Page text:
Monthly Archives: February 2011

Mashing-up the Learning Enterprise @ UMassOnline March 3

John Falchi and I will be speaking in Boston at UMassOnline next week about the emerging standards like Basic LTI and Common Cartridge that empower teachers in whole new ways. The ability for a teacher to mash-up the best-of-breed tools as they see fit and freely exchange material with their fellow teachers is a vision which many in the industry have been working hard to make real for well over a decade.

The recent release of the no-cost cloud-hosted LMS from Blackboard that support Basic LTI and Common Cartridge is an important moment in this trend toward teacher empowerment. This presentation wll look at the real pain points that teachers face in a Web 2.0 environment and how the standards and vendors are working together to provide a new way of teaching and learning.


UMassOnline invites you to attend a free event featuring guest speakers John Falchi, Chief Program Strategist for IMS Global Learning Consortium, and Chuck Severance, Clinical Associate Professor, School of Information at the University of Michigan, for a discussion and demonstration entitled, Mashing-up the Learning Enterprise to Provide Enhanced Learning Environments for Faculty and Students.

This discussion will focus on how a suite of interoperability standards developed by IMS GLC, Digital Learning Services, are providing educators with the ability to create dynamic and seamless learning environments, fostering greater student engagement in online and hybrid courses and streamlining faculty workflow. Demonstrations will highlight real-world application of these standards to create integrated learning environments and the portability of interoperable content. This discussion will also highlight how the IMS GLC member organization is functioning as a driver in the marketplace to create and advance standards that benefit faculty, students and information and learning technologists – and how you can engage in this movement and be part of the solution by participating in the IMS Campus Program. After the presentation, a light lunch will be provided during a one hour networking session.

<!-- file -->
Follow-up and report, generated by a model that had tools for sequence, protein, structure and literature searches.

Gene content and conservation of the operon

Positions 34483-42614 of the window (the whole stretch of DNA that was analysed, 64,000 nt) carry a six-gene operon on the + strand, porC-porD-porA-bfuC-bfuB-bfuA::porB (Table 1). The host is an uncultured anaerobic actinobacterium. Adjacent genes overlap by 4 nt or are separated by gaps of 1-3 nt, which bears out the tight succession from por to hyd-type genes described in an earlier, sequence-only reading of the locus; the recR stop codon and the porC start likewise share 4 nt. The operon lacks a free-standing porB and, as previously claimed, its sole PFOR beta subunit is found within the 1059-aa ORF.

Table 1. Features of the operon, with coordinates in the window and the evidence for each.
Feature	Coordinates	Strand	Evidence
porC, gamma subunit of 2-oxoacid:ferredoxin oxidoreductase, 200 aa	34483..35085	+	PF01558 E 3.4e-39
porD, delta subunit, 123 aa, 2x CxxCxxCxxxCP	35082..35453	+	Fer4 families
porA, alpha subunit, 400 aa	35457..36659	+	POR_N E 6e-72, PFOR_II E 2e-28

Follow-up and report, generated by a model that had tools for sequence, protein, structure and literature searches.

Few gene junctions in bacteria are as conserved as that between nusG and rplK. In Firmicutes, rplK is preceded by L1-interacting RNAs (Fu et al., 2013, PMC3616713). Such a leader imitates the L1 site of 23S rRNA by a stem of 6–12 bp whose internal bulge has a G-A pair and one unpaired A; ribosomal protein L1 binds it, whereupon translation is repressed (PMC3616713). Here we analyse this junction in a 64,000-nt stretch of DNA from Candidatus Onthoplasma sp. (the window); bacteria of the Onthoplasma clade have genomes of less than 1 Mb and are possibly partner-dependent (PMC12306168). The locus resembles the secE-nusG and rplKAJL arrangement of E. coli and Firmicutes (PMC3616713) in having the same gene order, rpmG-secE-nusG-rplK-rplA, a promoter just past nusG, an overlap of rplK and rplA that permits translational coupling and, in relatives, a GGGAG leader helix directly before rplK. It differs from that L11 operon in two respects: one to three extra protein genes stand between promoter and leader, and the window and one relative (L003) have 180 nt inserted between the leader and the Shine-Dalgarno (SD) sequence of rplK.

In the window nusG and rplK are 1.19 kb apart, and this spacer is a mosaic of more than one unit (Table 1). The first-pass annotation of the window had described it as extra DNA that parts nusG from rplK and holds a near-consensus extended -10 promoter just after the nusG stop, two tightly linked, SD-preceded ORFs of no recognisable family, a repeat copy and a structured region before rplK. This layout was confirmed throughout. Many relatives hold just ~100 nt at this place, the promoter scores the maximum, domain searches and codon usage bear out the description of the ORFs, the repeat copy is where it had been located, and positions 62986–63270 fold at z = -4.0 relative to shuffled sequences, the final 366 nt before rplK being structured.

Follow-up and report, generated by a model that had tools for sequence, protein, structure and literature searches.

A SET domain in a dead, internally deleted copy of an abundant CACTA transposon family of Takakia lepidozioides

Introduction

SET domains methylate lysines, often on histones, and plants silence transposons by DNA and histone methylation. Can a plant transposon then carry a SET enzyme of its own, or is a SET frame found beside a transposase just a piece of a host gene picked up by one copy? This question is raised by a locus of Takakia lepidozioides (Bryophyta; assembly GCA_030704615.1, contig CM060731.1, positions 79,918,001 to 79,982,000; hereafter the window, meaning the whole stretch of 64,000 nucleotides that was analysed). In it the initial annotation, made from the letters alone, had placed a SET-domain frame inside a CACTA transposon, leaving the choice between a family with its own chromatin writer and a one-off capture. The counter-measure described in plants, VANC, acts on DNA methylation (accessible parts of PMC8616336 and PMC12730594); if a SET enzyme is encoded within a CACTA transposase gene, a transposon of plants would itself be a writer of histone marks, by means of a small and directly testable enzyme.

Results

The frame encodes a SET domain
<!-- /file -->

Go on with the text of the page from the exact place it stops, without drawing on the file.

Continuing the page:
This presentation will be held on Thursday, March 3rd, at the UMass Collaborative Service Facility in Shrewsbury, MA. See the complete event details and register at:

Where oh where is CloudSocial? Or CloudCollab? Or the Tsugi Framework?

I got an E-mail recently from Silvester Draaijer of Open Virutal University of Amsterdam ( asking me whatever had happened to CloudSocial ( and I realized that it has been well over a year since I had talked publicly about my grand visions for the future of the Learning Management System.

If back in 2009, you listened to my vision speeches as part of Apple Academix, I liberally sprinkled words like CloudSocial, CloudCollab, and the Tsugi framework throughout my talks. But I have become strangely silent about these lately.

I got CloudSocial to a working prototype stage and then realized that it was a good idea – but something I had come up with too early.   :)